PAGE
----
00:55:10   And I don't think we've hit the point yet where we're trading

00:55:14   off thinness for features and capabilities at the expense of the best

00:55:19   optimized product. I really don't. I love my new 12-inch MacBook. I think it's an

00:55:24   incredible product. I use it constantly and I love how thin and light that

00:55:28   feels and I love the iPhone 6 and 6 Plus and I think we've made great

00:55:34   choices there. And yes, this is something we talk about constantly, but

00:55:39   I think we've made the right choices so far.

00:55:41   All right, two-part question. What color is your new MacBook?

00:55:45   and

00:55:48   How many USB ports does it have?

00:55:50   So mine is the space gray

00:55:57   Thank you

00:56:01   But I'm glad there's individual choice diversity is important the

00:56:08   And mine has one USB-C port, as you well know, with that leading question.

00:56:17   But again, be careful what you ask for, right?

00:56:21   Because what the design team first envisioned when we started working on MacBook was to

00:56:28   say, if all we do is incremental slight change, where's the excitement, where's the value

00:56:35   of Apple pushing things forward?

00:56:37   We need to take bold risks.

00:56:39   If people don't like it, well, they can keep buying the MacBook Air, they can keep buying

00:56:44   the MacBook Pro, but why don't we design a product that's around this wireless world

00:56:50   that has really no physical connection that you need.

00:56:53   You can get by without ever needing that.

00:56:55   Wouldn't that be a better world?

00:56:57   In doing that, we realized, yeah, but we do need to charge it, so let's go create this

00:57:02   one port that can charge and be USB and be your video out.

00:57:05   And that way, if you need to connect, you can.

00:57:08   You're not giving that up.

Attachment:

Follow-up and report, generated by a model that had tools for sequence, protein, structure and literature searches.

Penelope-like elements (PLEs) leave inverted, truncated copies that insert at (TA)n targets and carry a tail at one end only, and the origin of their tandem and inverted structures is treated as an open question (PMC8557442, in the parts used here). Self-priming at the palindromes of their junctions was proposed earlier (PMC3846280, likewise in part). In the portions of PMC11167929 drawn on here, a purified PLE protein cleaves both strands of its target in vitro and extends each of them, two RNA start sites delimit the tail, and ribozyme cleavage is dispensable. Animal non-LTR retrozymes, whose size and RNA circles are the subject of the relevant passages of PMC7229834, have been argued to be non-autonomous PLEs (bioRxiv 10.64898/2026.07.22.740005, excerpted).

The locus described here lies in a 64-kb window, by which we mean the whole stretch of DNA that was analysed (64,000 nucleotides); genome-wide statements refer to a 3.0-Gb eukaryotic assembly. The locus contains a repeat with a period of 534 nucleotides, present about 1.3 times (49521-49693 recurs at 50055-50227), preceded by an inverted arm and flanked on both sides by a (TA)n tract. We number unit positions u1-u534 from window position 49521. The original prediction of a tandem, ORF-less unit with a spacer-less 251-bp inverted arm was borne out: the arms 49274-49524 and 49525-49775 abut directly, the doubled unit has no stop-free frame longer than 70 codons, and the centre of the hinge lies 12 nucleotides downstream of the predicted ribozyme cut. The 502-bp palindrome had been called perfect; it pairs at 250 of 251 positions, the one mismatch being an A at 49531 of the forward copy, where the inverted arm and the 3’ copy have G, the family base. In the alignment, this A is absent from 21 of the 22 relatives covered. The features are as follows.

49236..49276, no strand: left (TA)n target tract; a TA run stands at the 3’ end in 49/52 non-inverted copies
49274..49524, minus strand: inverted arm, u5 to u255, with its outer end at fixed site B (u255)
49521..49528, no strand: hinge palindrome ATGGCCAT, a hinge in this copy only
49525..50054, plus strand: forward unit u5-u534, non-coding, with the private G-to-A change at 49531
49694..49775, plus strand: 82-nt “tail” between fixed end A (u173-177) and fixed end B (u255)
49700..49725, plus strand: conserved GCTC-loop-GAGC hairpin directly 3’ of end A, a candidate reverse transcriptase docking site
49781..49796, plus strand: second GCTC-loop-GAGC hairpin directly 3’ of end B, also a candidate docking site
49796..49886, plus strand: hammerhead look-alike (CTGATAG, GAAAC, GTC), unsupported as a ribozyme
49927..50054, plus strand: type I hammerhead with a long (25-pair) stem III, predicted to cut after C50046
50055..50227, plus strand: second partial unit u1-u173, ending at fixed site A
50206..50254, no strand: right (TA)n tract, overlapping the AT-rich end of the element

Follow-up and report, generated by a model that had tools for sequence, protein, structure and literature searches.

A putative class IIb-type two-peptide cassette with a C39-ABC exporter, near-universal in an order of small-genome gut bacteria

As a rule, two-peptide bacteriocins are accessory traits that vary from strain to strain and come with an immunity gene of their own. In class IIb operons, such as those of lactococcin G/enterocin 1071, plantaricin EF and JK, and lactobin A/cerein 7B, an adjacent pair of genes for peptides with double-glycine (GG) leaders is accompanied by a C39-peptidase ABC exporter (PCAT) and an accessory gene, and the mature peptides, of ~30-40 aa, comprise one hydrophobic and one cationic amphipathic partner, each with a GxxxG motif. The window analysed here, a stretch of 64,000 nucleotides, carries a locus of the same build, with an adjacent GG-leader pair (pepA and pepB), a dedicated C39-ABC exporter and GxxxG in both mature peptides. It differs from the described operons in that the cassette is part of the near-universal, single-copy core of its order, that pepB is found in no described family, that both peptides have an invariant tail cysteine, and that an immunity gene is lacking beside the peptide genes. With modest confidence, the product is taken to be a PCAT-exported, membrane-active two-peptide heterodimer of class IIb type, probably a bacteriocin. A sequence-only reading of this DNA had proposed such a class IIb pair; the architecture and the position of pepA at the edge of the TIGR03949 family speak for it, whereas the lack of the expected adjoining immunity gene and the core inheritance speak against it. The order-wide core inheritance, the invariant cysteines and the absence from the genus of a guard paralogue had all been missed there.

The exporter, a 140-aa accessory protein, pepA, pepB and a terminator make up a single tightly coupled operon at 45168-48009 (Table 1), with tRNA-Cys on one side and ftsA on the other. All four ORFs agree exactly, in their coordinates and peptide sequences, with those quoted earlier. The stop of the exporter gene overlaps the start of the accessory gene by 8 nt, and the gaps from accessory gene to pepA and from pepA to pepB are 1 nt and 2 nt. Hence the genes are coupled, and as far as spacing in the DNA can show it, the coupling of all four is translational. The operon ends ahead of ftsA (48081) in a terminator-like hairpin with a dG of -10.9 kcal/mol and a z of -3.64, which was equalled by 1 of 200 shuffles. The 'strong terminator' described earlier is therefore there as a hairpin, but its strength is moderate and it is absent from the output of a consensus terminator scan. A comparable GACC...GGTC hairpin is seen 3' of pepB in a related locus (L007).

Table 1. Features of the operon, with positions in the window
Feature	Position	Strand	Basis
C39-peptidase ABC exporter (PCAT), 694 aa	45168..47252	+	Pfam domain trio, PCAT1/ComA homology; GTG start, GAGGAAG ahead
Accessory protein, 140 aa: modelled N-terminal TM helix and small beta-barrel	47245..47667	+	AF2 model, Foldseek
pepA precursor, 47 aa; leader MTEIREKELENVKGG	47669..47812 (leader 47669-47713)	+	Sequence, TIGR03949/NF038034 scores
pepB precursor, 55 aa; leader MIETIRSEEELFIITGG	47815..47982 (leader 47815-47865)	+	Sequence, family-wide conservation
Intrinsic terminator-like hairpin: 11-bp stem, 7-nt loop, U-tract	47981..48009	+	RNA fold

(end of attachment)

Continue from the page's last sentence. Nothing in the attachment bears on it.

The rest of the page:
00:57:10   But this is really design.

00:57:11   And if you do that, how far can you push it?

00:57:14   How thin can it get?

00:57:16   How light can it get?

00:57:18   How aggressive a design can it be?

00:57:20   And I think if--

00:57:23   I'm in my job for one reason, because I'm a

00:57:25   customer like all of you.

00:57:27   I love these products.

00:57:28   I love this company.

00:57:29   I want this company to be the best Apple can ever be.

00:57:32   And one of the ways it can be the best Apple can ever be

00:57:36   is to take bold risks and try to think of new things

00:57:39   that others aren't willing to do.

00:57:40   I remember-- I mean, this is all the same mentality as I

00:57:43   remember when we took out the floppy.

00:57:45   Oh, and I'm sure many of you all do too.

00:57:47   It's the exact same thinking.

00:57:49   I sat in the room with friends of mine who worked at other

00:57:52   companies in Texas and other places, and they literally

00:57:57   said, oh my god, I'm so jealous.

00:57:59   We can't do that.

00:58:00   We can't do that.

00:58:02   We can't take the risk because if the world is going to be risk adverse and

00:58:06   doesn't want us to take away anything, then if Dell doesn't have a floppy,

00:58:11   but Toshiba does, they'll just buy the Toshiba.

00:58:13   They're all the same, except if you're missing one thing,

00:58:16   no one will buy your stuff.

00:58:17   You said you're so lucky.

00:58:18   You make something where your customers give you the opportunity to try something

00:58:22   in a completely different way, and they listen to you when they try it.

00:58:26   And if you have to adjust and make an external drive for a couple years, great,

00:58:30   You'll do it, but you get to make that change and move on.

00:58:34   That's the embodiment of this new MacBook, which

00:58:36   is take a bold risk.

00:58:38   Maybe some people will think it's not perfect to them yet,

00:58:40   but for a surprising number of people,

00:58:43   it's already their future laptop.

00:58:46   The customer satisfaction is off the charts on it.

00:58:49   Customer demand is great.

00:58:51   Does anyone here have a new MacBook and love it?

00:58:53   [APPLAUSE]

00:58:56   So that's the Apple I want.

00:58:58   I want an apple that's bold and taking risks and trying new things and being aggressive.

00:59:05   So, you've been an apple for a couple of years.

00:59:21   Half my life.

00:59:23   Wow.

00:59:24   A lot of that time, an adjective that was often used to describe Apple was "beleaguered."

00:59:34   And there were some hard times, and there were years when you guys were truly the underdog.

00:59:40   And now, there's no way that anybody could argue that the most profitable company in the world is the underdog.